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Psychol Sci. 2015 Jul;26(7):997-1005. doi: 10.1177/0956797615575743. Epub 2015 May 11.

It's All in the Family: Brain Asymmetry and Syntactic Processing of Word Class.

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Department of Psychology, University of Illinois Graduate Institute of Linguistics, National Taiwan University Department of Psychology, National Taiwan University Graduate Institute of Brain and Mind Sciences, National Taiwan University Neurobiology and Cognitive Neuroscience Center, National Taiwan University
Department of Psychology, University of Illinois Neuroscience Program, University of Illinois The Beckman Institute for Advanced Science and Technology, University of Illinois.


Although left-hemisphere (LH) specialization for language is often viewed as a key example of functional lateralization, there is increasing evidence that the right hemisphere (RH) can also extract meaning from words and sentences. However, the right hemisphere's ability to appreciate syntactic aspects of language remains poorly understood. In the current study, we used separable, functionally well-characterized electrophysiological indices of lexico-semantic and syntactic processes to demonstrate RH sensitivity to syntactic violations among right-handers with a strong manual preference. Critically, however, the nature of this RH sensitivity to structural information was modulated by a genetically determined factor--familial sinistrality. The right hemisphere in right-handers without left-handed family members processed syntactic violations via the words' accompanying lexico-semantic unexpectedness. In contrast, the right hemisphere in right-handers with left-handed family members could process syntactic information in a manner qualitatively similar to that of the left hemisphere.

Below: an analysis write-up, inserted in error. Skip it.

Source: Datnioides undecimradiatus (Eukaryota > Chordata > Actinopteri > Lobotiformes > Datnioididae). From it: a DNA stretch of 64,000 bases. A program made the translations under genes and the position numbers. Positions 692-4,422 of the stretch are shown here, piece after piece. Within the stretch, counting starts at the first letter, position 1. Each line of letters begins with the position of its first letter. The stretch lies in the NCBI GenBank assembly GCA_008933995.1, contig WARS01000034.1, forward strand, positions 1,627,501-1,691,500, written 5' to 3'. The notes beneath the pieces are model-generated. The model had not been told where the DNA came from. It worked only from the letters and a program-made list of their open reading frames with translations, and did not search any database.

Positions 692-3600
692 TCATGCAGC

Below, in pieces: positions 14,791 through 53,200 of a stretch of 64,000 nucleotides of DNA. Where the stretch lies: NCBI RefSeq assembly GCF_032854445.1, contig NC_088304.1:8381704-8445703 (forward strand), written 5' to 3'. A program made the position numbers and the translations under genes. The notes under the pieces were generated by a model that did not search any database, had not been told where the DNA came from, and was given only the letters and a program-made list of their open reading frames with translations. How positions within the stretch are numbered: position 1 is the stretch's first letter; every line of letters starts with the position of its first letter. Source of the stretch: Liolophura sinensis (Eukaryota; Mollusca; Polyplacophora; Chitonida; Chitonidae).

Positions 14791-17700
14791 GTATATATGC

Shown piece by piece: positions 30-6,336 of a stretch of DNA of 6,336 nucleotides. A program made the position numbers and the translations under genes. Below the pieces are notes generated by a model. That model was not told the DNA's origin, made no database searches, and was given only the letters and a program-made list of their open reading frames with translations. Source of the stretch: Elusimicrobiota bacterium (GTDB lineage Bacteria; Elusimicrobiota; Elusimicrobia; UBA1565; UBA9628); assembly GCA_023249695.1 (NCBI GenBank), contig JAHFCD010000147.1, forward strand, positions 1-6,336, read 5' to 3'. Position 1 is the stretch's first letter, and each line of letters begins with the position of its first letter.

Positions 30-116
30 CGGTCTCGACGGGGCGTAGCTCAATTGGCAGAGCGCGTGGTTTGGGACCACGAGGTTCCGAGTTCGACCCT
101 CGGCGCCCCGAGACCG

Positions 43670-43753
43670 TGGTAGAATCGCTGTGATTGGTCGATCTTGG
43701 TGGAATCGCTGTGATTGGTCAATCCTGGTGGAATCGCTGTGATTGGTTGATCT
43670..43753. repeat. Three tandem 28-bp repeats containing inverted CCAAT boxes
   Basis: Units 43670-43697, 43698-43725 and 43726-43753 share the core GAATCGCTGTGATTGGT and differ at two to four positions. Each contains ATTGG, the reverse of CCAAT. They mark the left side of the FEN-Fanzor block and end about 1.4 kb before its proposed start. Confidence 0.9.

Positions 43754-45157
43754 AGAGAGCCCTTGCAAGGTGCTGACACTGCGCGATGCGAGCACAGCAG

N400; P600; hemispheric differences; language lateralization; open data; open materials; right hemisphere syntactic processing; word class violation

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